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Extreme temperatures are hitting California as well as Nevada and Arizona in the western United States. This heat wave, which is accompanied by large fires, puts the Californian electricity network under pressure, because of a demand for air conditioning record.
The Western United States continued to suffocate on Wednesday September 7th. California, as well as parts of Nevada and Arizona, are facing scorching temperatures, flirting with 45° C in some places, due to a heat dome over the area. Mercury is yet to reach such extremes on Wednesday and Thursday, according to the US weather service, the NWS.
In this stifling atmosphere, several large fires are ravaging the region and two of them have already proved fatal. In northern California, the “Mill Fire” killed two people, destroyed more than 100 buildings, and devastated more than 1,600 hectares in Siskiyou County.
The “Fairview Fire”, which killed two people southeast of Los Angeles, continues to grow and “is progressing faster than our efforts”, according to a local fire chief, Josh Janssen. The fire “continues to threaten several populated areas”, he added. Since Monday, the flames have ravaged more than 2,800 hectares.
The mercury should drop from Friday thanks to the arrival of a cold air front from Canada, according to meteorologists. But this phenomenon brings with it the risk of violent winds capable of multiplying the flames in the Western United States.
“This cold air front will also generate gusty winds” over the American West, explained the NWS in a press release. “Coupled with relatively low humidity, this is likely to fuel the risk of new fire starts and existing fires at risk of spreading out of control.”
In Montana, gusts could reach 95 km / h, according to the Storm Prediction Center.
In California, more than 10,000 residents were ordered to evacuate their homes to protect themselves from the “Fairview Fire”, but many ignored the alert according to the Riverside County police, who sent their officers to carry at the door to try to convince the recalcitrant.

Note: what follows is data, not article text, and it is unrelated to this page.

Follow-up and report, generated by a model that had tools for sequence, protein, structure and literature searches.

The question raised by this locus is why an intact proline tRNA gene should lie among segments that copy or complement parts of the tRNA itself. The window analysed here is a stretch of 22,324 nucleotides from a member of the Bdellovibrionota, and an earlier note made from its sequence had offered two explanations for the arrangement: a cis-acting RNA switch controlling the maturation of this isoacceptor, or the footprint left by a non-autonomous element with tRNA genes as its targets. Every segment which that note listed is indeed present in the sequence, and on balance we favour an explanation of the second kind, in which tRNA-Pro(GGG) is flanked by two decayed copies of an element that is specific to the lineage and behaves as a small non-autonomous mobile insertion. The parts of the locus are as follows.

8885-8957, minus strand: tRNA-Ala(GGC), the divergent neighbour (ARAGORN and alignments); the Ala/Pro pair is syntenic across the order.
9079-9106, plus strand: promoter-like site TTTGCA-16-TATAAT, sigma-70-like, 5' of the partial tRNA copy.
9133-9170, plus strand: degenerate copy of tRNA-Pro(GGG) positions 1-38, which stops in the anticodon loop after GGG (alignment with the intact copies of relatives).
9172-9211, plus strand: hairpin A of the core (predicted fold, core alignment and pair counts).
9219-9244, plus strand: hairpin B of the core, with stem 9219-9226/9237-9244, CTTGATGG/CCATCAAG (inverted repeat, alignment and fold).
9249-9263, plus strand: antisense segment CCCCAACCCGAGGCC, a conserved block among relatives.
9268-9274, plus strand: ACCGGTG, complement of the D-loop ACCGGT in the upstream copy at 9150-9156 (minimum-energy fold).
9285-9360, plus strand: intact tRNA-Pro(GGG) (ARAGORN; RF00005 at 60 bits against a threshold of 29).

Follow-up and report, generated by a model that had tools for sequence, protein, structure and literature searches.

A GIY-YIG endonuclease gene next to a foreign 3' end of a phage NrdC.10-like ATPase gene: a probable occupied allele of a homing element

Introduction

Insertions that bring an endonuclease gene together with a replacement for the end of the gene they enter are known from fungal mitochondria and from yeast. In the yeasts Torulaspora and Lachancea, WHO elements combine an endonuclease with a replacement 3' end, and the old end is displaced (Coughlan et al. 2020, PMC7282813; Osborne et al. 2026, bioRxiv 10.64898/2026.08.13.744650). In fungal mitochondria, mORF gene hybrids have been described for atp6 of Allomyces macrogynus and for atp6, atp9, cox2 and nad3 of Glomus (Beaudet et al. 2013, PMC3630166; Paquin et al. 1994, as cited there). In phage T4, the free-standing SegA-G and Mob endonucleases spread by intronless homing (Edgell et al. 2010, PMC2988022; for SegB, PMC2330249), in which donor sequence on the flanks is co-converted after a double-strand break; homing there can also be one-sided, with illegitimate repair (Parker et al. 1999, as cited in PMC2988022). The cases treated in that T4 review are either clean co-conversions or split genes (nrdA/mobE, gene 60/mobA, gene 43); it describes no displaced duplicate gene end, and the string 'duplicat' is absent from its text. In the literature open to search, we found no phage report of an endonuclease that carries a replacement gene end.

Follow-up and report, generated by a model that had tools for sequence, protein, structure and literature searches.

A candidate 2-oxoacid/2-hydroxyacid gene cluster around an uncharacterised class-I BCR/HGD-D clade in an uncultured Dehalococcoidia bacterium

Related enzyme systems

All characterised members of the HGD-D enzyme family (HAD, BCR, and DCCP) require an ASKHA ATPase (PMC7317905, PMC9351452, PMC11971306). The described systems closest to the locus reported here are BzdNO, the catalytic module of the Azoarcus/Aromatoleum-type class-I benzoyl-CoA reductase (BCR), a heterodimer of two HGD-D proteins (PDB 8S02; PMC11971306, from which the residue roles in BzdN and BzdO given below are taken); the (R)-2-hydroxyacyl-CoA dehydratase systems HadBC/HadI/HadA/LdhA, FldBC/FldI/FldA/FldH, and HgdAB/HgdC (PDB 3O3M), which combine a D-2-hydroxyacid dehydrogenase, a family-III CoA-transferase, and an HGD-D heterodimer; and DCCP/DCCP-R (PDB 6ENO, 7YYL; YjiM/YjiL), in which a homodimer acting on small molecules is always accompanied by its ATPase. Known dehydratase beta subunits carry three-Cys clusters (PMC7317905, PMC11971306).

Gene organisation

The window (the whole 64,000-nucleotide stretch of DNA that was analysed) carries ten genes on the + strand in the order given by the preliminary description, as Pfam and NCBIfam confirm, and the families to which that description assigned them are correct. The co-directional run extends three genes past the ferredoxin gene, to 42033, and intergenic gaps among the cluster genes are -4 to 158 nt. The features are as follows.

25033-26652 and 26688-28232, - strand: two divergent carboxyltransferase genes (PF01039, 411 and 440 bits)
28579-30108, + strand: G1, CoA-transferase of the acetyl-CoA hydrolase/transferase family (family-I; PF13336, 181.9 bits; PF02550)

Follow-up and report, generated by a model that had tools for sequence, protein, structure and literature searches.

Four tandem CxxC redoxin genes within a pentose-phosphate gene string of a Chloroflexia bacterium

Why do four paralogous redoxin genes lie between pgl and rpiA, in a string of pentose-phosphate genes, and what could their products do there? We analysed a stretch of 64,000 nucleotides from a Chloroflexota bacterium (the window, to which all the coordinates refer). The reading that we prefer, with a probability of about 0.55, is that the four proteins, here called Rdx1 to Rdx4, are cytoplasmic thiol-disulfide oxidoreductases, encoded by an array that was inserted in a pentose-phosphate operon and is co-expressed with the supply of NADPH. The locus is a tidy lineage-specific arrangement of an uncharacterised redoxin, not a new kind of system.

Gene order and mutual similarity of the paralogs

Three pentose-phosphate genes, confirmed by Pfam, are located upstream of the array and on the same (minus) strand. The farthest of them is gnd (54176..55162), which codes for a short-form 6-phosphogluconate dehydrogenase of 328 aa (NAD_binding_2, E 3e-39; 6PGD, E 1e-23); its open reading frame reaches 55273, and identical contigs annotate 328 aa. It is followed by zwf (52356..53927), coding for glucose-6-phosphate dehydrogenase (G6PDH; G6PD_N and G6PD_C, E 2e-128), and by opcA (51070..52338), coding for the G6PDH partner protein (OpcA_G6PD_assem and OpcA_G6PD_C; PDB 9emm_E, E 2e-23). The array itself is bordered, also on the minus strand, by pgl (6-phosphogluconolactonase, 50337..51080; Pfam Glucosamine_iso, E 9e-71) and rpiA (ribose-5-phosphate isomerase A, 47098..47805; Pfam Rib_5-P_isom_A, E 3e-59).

“People should take it more seriously, given the speed of spread, and that’s why we are extending the evacuation zone so much, because with the changes in the wind, the weather is unpredictable, and the fire is progressing. quickly,” a spokeswoman for the local sheriff, Brandi Swan, told the Los Angeles Times.
Risk of flash floods
In the Southwest of the United States, the forecast promises torrential rains just after the fall of the mercury on Friday. A hurricane is looming off Mexico and could bring up to 6 inches of precipitation to parts of Arizona and California. “This amount of rain is likely to cause flash floods here and there, especially in areas already destroyed by fire,” the NWS warned.
Meanwhile, the heat wave continues to put pressure on the power grid in California, due to record air conditioning demand.
The network regulator, California ISO, narrowly avoided the use of rotating power cuts (controlled and distributed over different areas) on Tuesday. He renewed his alert on Wednesday to “urge consumers to lower demand” in the evening. Californians are asked to avoid recharging their electric vehicles from 4 p.m. to 9 p.m., not to set the air conditioning below 25.5° C and to avoid turning on lights unnecessarily.
In the middle of the day, all the solar panels generally provide one third of the electricity in California. But when the sun goes down, the supply of photovoltaic energy is suddenly interrupted, and the other sources of electricity are currently struggling to meet the demand for air conditioning.